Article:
One of the first real superstars of international football, Uruguayan inside-left Pedro Cea was renowned as one of the best in his position despite being predominantly right footed. Having started his playing career with Lito FC, it was with one of Uruguay’s biggest clubs, Nacional, that he would spend most of his career.
Cea’s first real breakthrough came while he was still playing with Lito. Some of the top clubs in Uruguay formed a breakaway federation, so the team for the 1923 Copa America featured a lot of newcomers from teams still within the official competitions, and it was there that Cea got his chance. He scored once in three games as Uruguay won the tournament on home soil, and then exactly repeated the feat as they retained the title a year later.
Cea and Uruguay really came to the world’s attention at the 1924 Olympic Games in Paris, where they cruised through the tournament to take the gold medal, Cea himself scoring in the final against Switzerland. His performances in the Copa America and the Olympics alerted bigger clubs to Cea’s abilities and in 1925 he moved to Nacional, where he would spend two spells over the next decade.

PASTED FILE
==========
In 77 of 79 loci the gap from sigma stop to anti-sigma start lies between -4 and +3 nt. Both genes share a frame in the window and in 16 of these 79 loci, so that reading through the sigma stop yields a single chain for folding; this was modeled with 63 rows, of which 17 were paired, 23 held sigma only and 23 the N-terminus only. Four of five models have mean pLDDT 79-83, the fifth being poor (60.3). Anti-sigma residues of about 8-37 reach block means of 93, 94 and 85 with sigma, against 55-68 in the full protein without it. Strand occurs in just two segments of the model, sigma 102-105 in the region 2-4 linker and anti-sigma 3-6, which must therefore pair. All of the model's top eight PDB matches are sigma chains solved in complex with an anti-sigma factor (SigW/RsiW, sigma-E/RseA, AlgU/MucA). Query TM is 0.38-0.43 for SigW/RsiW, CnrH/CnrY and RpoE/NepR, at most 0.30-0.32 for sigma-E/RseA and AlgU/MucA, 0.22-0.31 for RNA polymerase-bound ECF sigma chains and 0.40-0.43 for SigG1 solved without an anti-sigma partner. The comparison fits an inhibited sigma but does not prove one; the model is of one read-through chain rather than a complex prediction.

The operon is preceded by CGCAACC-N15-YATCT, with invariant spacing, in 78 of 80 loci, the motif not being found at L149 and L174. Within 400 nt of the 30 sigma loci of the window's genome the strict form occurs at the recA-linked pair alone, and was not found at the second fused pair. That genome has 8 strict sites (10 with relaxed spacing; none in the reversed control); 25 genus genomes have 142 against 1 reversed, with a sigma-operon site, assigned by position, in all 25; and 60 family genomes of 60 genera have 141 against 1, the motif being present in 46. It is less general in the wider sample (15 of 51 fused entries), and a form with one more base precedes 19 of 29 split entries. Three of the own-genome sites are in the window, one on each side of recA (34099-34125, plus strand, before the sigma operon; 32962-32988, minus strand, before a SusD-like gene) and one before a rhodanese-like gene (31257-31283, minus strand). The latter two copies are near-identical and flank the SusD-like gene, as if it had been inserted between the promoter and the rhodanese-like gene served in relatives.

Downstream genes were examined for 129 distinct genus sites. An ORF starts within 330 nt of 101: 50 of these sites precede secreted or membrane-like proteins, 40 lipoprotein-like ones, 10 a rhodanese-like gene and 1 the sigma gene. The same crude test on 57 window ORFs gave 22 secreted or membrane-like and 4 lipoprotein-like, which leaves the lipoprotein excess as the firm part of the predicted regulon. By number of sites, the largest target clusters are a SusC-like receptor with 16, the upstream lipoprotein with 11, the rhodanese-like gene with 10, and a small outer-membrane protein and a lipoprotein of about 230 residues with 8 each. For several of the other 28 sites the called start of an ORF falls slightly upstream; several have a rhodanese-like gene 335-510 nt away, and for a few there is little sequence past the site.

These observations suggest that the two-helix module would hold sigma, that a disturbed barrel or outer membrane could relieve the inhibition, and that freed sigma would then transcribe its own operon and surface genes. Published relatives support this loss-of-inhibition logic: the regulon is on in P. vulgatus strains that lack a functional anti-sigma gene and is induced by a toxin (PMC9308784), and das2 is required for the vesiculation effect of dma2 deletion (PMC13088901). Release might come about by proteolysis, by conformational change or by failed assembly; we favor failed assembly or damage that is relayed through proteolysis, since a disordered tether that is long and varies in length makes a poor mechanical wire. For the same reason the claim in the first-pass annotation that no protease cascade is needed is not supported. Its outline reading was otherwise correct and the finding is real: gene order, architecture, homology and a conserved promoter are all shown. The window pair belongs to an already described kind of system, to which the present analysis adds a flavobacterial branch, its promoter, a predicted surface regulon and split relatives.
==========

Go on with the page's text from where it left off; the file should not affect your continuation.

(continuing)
In 1928, Uruguay went to Amsterdam to defend their Olympic title. Again they cruised through to the final, but needed a narrow 2-1 replay win to overcome fierce rivals Argentina and give Cea his second Olympic gold medal. Two years later, Uruguay hosted the first ever World Cup and Cea turned out to be one of the players of the tournament. He scored five goals in four games, including a hat-trick in the semi-final against Yugoslavia and a crucial equaliser as Uruguay came from behind to once again beat Argentina in the final.
After leaving Nacional in 1930, Cea returned four years later and won his only domestic honour, as Nacional took the Uruguayan League title in 1934. After ending his playing career in 1935, Cea coached the Uruguayan national team to second place in the 1941 Copa America and to victory in the competition a year later. Spending his later years working as a radio commentator, he died in 1970 shortly after his 70th birthday.